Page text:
companies, which activities  could however not be easily detected  due to
the absence of consolidated supervision and generally weak surveillance.
These I believe constituted the fundamental issues the bank should have
addressed in the Monetary Policy Statement of December 2003 in particular,
providing a conducive environment for business expansion and strengthening
of bank risk management and corporate governance practices –– developments
which could perhaps have prevented the 2004 failures.

Borerwe is a Managing consultant for Shamlack Investments Private Limited.
E-mail: .

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Editor's Memo: Security sector reforms crucial

Thursday, 09 June 2011 20:46

Constantine Chimakure

THE debate on security sector reforms has been sidetracked and replaced by
lies and cheap politicking.

There are those who argue that the reforms are part of a grand regime-change
agenda, a hackneyed argument which we have been subjected to for quite some

This strand of argument goes as far as saying the reforms are aimed at
removing the current service chiefs in the army, the police, prisons and the
Central Intelligence Organisation (CIO) and replacing them with those
acceptable to the three ruling parties.

This line of argument should not be taken seriously as no sane person would
take a change of guard to mean reforms. As a nation we have learnt that
applying lipstick to a frog does not make it beautiful and hence security
sector reforms we should embrace as serious are those which would
professionalise the army, police force, the CIO and the prison service.

Professionalising the security sector would ensure that there are certain
values, rules and procedures security forces adhere to to earn the respect
of the populace.

Having serving officers dabbling in politics should be unacceptable in a
democratic society.

It is only after serious reforms, not the removal of personalities, that
people like Brigadier-General Douglas Nyikayaramba would think twice before
they utter political statements likely to bring the name of the security
forces into disrepute. Apart from the lie that the security sector reforms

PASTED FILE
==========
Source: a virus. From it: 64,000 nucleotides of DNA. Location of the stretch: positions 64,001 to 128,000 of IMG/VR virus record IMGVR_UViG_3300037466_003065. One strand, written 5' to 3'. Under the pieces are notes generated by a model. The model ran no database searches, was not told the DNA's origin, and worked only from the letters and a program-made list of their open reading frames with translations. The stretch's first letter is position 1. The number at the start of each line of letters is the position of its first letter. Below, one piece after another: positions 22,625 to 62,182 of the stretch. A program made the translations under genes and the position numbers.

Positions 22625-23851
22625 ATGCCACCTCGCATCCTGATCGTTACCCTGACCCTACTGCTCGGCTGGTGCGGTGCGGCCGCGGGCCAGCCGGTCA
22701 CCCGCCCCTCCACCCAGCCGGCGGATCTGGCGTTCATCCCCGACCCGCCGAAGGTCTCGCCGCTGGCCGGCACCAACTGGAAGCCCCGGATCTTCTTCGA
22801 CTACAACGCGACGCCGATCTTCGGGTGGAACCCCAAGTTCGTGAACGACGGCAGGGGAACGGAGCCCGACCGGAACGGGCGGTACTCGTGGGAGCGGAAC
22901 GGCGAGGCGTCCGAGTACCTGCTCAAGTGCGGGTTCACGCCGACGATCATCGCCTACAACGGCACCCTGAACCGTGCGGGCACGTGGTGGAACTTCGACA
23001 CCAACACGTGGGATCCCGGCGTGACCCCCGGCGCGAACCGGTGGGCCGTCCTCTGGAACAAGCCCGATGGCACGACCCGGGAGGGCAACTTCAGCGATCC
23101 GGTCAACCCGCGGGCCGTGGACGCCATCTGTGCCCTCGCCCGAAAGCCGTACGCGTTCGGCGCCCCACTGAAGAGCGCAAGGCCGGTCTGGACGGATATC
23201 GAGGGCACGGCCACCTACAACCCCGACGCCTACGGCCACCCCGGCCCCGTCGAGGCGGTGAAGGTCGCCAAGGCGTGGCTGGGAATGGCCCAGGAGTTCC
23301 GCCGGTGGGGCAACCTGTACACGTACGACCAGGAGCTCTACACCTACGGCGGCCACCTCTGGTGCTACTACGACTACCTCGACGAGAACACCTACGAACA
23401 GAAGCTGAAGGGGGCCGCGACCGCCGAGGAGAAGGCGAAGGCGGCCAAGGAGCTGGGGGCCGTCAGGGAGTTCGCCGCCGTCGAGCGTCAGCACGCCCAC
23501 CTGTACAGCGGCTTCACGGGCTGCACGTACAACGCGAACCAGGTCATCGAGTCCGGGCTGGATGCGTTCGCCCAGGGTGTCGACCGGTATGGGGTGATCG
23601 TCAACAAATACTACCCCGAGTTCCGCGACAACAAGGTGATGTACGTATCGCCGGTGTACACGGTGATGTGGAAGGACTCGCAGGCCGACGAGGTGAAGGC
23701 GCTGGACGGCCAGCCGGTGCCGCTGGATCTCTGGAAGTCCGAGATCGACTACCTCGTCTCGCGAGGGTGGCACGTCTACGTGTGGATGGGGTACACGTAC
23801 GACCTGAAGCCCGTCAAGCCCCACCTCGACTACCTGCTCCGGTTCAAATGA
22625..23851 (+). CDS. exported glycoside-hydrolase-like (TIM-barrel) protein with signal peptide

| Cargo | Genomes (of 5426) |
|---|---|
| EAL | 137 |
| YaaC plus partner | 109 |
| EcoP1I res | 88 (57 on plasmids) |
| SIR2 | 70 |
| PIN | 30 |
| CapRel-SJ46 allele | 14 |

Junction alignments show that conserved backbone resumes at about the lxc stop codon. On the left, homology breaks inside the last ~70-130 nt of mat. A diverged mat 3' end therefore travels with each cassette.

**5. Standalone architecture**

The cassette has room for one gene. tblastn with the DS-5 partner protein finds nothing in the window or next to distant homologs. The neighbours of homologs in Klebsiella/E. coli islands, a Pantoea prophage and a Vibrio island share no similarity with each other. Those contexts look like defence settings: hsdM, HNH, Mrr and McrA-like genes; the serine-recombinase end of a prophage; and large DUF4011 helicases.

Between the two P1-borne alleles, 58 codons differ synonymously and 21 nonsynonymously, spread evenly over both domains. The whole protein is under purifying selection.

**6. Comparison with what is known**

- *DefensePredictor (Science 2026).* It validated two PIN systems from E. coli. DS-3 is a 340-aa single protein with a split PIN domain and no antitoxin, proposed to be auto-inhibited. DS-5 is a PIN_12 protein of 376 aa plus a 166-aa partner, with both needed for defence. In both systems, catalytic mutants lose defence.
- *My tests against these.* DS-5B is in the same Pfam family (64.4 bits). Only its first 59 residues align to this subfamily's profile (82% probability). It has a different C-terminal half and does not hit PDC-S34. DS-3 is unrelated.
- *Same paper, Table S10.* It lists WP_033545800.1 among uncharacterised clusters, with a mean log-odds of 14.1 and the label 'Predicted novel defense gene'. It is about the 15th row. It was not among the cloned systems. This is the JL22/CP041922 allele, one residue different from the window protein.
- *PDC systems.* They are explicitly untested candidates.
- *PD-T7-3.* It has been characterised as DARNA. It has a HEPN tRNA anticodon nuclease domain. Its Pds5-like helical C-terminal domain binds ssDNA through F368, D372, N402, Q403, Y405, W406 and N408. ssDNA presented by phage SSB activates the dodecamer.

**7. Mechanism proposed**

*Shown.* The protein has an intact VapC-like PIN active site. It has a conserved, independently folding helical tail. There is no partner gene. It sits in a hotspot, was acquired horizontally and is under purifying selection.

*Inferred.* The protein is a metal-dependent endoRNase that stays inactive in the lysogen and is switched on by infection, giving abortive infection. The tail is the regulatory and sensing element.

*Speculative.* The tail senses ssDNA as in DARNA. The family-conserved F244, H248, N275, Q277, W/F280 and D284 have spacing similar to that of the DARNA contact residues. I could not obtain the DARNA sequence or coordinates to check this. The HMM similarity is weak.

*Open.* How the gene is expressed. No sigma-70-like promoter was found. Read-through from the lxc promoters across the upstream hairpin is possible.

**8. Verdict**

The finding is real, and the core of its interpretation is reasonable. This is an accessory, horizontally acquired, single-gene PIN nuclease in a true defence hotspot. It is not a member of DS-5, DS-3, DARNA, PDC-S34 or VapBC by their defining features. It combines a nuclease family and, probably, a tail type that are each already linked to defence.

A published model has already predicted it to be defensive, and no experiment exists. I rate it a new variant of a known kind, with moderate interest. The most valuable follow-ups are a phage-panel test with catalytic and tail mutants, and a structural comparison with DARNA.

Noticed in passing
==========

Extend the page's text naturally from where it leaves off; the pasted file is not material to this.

are aimed at certain individuals, another plain lie is that the reforms are
not captured in the GPA.

To claim that this issue was never discussed smacks of a deliberate
misreading of the GPA and an attempt to hoodwink the masses. These elements
clearly take the country’s population for granted as security sector reforms
are clearly etched in the pact.

Article XIII exhorts that state organs should not belong to a particular
party and should be professional.

We quote: “For the purposes of ensuring that all state organs and
institutions perform their duties ethically and professionally in conformity
with the principles and requirements of a multi-party democratic system in
which all parties are treated equally, the parties have agreed that the
following steps be taken:

“(a) that there be inclusion in the training curriculum of members of the
uniformed forces of the subjects on human rights, international humanitarian
law and statute law so that there is greater understanding and full
appreciation of their roles and duties in a multi-party democratic system;

“(b) ensuring that all state organs and institutions strictly observe the
principles of the Rule of Law and remain non-partisan and impartial;

“(c) laws and regulations governing state organs and institutions are
strictly adhered to and those violating them be penalised without fear or
favour; and

“(d) recruitment policies and practices be conducted in a manner that
ensures that no political or other form of favouritism is practised.”
Clearly, this articles talks of reforms.

Without doubt the security forces have become an appendage of certain